Feeds:
Posts
Comments

That’s Nyan Nyan Nyan Day to you, buddy. (Raise your hand if you’re trying to refrain from a Nyan Nyan-Nyan Nyan Nyan joke.)

Koinky dinky that this falls on the birthday of Japanophile and catophile Edward Gorey? I think not.

Cats on a street sign in Tokyo’s Ginza shopping district. (Itsuo Inouye — Associated Press)

The WaPo article also includes this Maru Greatest Hits, Vol. 1 video. I must say, I’ve watched a lot of Maru vids, and this one is spectacular.  A lot of classic antics and some footage that’s new to me.

 

 

Advertisements

all hail edward gorey

who would’ve turned 88 today. (And rock on Google for the most excellent doodle.)

GoreyPraise

tomorrow is thursday!

Saved again. Thanks, Batman!

 

enter the narwhalicorn

So that’s why we haven’t seen the unicorns lately.

 

While I’m not holding my breath for the 113th to magically improve upon the dreadful 112th and other recent showings of abyssmal congressional performance, greater diversity in our elected leadership is long overdue. It’s absurd how much white male bellicose posturing still passes for political discourse in Washington. You may say that no amount of diversity will change the tenor of politics; well, I’d love to see that experiment in equality play out and see who’s right. We’ve got quite a ways to go until Congress truly reflects the demographics of these United States, but what encouraging strides in the November 2011 election.

 

WASHINGTON — As the 113th Congress opens, the Senate and the House are starting to look a little bit more like the people they represent.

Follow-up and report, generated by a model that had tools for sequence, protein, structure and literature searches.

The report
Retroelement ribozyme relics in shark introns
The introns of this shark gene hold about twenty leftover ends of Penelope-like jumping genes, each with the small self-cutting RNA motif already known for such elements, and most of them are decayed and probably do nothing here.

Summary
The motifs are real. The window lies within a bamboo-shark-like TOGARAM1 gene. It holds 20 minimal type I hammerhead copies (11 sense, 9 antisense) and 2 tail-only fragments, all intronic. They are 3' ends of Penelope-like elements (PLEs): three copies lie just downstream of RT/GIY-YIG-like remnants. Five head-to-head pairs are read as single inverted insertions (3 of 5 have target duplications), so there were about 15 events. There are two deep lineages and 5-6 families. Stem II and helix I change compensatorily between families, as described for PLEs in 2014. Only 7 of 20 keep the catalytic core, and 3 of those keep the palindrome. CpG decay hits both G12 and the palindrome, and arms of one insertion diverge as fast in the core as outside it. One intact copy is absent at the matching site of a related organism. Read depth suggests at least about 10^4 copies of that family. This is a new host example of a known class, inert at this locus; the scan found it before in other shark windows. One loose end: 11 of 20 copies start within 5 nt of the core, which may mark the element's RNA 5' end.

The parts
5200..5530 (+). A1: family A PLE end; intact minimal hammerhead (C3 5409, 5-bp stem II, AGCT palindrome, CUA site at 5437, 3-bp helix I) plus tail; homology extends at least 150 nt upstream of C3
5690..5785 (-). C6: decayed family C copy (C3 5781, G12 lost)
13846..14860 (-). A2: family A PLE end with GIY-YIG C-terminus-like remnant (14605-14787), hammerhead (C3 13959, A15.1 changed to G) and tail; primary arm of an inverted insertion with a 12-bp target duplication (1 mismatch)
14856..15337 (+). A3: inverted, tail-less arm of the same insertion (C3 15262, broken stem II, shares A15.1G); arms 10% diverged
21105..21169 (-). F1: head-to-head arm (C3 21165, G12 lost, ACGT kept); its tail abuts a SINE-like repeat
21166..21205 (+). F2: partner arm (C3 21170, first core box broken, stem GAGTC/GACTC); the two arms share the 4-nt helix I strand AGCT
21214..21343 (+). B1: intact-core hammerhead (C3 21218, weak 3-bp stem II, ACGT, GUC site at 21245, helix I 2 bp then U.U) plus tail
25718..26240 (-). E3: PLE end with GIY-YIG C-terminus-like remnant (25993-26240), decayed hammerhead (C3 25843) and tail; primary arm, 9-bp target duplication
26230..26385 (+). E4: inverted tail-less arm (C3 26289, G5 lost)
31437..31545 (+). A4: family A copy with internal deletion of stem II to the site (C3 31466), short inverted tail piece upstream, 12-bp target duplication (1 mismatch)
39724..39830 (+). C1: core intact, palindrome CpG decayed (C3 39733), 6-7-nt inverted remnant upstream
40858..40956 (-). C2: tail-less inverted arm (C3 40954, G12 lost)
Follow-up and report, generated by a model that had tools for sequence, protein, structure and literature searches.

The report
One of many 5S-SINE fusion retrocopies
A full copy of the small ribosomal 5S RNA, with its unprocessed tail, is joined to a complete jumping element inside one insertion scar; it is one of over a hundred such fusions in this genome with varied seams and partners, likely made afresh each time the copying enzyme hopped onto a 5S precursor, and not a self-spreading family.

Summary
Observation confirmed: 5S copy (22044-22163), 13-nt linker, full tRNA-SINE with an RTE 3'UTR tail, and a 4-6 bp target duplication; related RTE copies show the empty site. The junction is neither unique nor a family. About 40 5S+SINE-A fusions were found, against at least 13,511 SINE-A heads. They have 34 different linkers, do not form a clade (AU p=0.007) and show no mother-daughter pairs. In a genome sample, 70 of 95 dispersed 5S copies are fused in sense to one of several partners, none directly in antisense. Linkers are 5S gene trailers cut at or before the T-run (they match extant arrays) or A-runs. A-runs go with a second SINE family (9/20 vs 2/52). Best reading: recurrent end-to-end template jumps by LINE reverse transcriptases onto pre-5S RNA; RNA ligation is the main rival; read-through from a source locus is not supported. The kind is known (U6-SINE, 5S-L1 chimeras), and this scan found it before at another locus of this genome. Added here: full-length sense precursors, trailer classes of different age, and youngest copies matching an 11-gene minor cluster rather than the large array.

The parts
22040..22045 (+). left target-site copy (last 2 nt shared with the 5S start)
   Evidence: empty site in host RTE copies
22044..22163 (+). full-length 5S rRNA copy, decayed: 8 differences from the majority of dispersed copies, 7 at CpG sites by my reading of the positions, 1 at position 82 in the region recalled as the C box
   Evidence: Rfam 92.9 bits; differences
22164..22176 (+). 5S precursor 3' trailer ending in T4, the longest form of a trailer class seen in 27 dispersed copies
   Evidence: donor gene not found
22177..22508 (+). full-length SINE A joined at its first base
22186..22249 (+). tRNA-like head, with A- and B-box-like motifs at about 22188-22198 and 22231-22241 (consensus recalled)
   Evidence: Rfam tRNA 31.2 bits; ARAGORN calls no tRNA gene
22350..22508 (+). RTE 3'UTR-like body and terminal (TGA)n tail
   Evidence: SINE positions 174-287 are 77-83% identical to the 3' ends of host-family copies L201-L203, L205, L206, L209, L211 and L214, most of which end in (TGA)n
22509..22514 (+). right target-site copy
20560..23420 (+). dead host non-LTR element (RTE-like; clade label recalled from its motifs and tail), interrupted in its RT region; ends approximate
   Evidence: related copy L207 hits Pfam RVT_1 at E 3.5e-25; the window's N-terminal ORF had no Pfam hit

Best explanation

The new Congress includes a record number of wom en (101 across both chambers, counting three nonvoting members), as well as various firsts for the numbers of Latinos and Asians as well as Iraq and Afghanistan war veterans. But it was the rise of the female legislator — 20 in the Senate and 81 in the House — that had the Capitol thrumming with excited potential on Thursday.

…This Congress promises to be more diverse than its predecessors in several ways. On hand at the Capitol were Tammy Baldwin, Democrat of Wisconsin, the first openly gay senator; the first Hindu representative, Ms. Gabbard; and Mazie Hirono, Democrat of Hawaii, the first Buddhist senator. Representative Kyrsten Sinema, Democrat of Arizona, also became the first openly bisexual member to serve in Congress.

Although the number of black legislators remained at 43, Tim Scott, previously a Republican House member from South Carolina, became the first black senator from his state, as well as the first black Republican in the Senate since 1979.

First black Republican since 1979?? Join the 21st century with us some day, Republicans.

 

Representative Nancy Pelosi and Democratic women of the House before the opening of the 113th Congress (photo: Stephen Crowley/The New York Times)

 

Christoph Niemann puts pen to the last five minutes of the very moving 2011 interview between Terry Gross and Maurice Sendak.

 

A: not very.  Astonishing progress, though, between 1800, 1830, and 1857, and another map shows the leaps and bound in rail travel by 1930.

rates of travel in 1800s